I’m stepping along a cracked and randomly tilted sidewalk enjoying the sycamores that stretch to form a green lush canopy atop smooth white trunks. The leaves are swooshing and whooshing in the sharp north wind that knocks down blackened twigs crunching under my feet. I’m thinking about the importance of Touchstone people in my life. I pray you have known them in your life, the people you trust your heart to, the ones who don’t go away. I’ve been blessed, I’ve always known who mine are. Those people who see the best in me when acquaintances are buttoning their coats to take their leave. Touchstones tell you your truth when the mirror lies.
Some of my Touchstones have died. Two died young, one died well mature – but each too young, all taken by cancer. I miss them. Their unique wisdom, their honesty, and their deep faith in me kept me from searching for guidance or acceptance in life.
I pass a poorly dressed man with a bicycle. He is searching in blue and green trash cans. I guess at what he’s looking for. Maybe its bottles to recycle or food discarded from bountiful tables. He stops when he sees me, he straightens his bicycle to a dignified angle and he comments to me pleasantly about the day. He shares his appreciation for the beautiful cool that has overcome the previous day’s heat. I smile and agree with him then walk on. That man knows about heat. He has an intimate appreciation for the cool moving air of this day. I wonder if he ever had a Touchstone in his life, or if he has one now. I wonder if the lack of one led him to that green plastic trash can in the land of plenty.
Some of my Touchstones share life with me now thank goodness. Others are yet to come into view and I’m comforted by my certainty of it. They may not know who they are, but I’ll know them when they appear. Touchstones represent an unmistakable truth, they are evidence in my life that God loves me.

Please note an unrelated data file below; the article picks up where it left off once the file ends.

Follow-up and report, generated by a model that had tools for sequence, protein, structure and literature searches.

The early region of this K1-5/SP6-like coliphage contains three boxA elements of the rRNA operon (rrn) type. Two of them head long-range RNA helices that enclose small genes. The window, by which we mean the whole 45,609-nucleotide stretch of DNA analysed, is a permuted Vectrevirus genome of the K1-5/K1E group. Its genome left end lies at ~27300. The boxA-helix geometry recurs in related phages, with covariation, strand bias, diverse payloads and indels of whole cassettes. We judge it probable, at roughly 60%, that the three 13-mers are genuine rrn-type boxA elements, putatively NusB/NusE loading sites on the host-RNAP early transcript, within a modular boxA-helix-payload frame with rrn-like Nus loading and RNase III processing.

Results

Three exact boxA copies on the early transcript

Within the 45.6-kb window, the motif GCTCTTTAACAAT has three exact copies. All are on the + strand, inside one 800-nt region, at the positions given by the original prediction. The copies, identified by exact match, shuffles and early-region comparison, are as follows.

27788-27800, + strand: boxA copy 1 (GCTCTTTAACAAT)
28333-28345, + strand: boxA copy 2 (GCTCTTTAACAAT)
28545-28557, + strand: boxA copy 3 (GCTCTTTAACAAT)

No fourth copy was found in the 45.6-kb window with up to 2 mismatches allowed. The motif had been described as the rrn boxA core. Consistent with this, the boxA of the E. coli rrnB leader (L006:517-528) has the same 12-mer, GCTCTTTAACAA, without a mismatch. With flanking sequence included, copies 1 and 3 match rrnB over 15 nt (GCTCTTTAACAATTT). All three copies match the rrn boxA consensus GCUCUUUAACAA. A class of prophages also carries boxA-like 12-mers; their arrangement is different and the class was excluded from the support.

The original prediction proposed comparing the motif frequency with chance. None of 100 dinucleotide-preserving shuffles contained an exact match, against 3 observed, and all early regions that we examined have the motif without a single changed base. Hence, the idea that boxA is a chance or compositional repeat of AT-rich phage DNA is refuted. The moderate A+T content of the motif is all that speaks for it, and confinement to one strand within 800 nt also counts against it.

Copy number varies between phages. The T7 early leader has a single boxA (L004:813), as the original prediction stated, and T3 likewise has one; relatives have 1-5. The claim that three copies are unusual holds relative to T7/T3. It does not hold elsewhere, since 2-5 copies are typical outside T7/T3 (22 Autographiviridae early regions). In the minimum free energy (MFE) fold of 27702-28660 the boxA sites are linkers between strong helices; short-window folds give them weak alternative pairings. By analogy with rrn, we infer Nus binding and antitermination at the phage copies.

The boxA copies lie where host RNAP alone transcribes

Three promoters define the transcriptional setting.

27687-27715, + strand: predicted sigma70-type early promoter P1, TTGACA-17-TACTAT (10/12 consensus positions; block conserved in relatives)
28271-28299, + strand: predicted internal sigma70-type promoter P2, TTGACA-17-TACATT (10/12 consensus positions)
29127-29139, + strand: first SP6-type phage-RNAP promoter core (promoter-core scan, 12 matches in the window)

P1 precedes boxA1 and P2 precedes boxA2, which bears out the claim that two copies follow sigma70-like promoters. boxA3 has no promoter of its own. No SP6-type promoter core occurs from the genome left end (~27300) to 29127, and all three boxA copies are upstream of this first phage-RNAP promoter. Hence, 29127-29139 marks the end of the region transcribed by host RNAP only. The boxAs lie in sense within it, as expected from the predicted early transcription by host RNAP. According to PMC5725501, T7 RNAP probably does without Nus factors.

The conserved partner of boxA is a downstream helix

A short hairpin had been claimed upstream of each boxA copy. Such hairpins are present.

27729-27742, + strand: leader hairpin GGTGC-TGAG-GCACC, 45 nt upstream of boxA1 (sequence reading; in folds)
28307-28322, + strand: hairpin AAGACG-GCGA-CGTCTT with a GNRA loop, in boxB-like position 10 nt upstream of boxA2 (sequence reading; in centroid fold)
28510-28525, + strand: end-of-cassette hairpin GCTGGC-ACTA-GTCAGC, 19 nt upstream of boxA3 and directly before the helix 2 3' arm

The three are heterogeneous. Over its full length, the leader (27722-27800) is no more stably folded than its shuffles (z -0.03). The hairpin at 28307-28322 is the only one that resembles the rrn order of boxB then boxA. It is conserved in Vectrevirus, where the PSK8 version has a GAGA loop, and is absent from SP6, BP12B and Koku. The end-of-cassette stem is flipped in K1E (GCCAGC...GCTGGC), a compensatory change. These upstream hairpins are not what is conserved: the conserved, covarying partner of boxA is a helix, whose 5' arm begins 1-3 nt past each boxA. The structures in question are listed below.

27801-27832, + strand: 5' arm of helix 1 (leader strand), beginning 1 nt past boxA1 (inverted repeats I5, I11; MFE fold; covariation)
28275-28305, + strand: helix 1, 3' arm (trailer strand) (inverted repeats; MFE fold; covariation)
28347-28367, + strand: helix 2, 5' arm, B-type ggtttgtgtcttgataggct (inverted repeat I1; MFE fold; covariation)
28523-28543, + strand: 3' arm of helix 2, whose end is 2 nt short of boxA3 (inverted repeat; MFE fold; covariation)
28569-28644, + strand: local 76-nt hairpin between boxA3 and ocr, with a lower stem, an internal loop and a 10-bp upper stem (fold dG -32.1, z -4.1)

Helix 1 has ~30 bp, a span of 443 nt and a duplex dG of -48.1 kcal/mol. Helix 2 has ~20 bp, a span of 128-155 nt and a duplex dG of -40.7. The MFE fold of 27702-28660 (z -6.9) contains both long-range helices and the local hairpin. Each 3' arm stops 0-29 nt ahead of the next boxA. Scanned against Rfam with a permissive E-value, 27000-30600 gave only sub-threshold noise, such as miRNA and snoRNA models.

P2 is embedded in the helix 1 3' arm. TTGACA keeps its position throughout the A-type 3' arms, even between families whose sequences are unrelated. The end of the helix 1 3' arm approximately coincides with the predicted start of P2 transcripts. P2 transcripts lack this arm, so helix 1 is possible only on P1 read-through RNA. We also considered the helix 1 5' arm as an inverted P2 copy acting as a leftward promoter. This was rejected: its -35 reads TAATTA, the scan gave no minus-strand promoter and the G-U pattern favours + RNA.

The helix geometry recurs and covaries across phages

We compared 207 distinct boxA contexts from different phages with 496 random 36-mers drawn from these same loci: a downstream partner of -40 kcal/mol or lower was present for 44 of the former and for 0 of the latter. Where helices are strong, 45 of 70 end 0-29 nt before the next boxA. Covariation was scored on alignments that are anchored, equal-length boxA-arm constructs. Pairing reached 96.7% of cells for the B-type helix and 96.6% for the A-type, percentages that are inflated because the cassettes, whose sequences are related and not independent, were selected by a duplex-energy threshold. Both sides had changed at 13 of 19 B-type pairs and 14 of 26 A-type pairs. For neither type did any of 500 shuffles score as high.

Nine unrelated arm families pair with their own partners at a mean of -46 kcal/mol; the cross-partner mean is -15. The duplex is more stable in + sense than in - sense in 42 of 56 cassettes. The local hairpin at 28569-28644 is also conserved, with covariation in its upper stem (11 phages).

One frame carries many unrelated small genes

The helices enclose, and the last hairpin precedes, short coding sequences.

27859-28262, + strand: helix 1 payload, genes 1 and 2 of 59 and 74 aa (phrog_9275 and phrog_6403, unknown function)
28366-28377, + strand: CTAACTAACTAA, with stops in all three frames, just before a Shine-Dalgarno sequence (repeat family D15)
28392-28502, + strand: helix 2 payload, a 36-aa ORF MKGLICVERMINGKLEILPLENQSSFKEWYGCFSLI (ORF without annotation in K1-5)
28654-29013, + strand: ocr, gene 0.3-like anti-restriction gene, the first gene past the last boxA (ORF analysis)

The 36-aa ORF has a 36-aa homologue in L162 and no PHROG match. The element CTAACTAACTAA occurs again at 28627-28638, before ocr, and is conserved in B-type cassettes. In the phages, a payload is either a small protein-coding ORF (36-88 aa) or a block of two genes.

I hope my Touchstones know who they are. I don’t write emails to them addressing them as “Dear Touchstone”. I’m ashamed to say that I am hesitant about describing people’s meaning in my life.
A four story office building is being built on a corner. Bare angled steel criss-crosses skyward forming a skeleton that heavy glass will encase. My Touchstones can see steel beneath my veneer and unpolished façade. They see empty spaces hidden deeply from view. They long to see them filled with people and meaning and love.
An unseen dog behind a decaying redwood fence barks fiercely as I pass. A tiger-striped cat crouches down on a narrow lawn, its green eyes assess my passing. Someone plays piano in an upstairs apartment while young men crowd a smoky kettle BBQ across the street. The cooking beef smells like summer. Another man on a porch above hoots and waves a beer at his friends. A group of kids on bikes zip past gleefully pushed on by the wind.
The wind swirls under bushes and flowers breathing life into the scene I’m part of. I walk on the blessings of my Touchstones. My life’s path has been paved by them. Though cracked and random my path is made beautiful and shaded by the canopy of their faith that I shelter beneath. They should know they uplift me, and how their faith in my goodness makes my step light and joyful.
Perhaps I will write to them.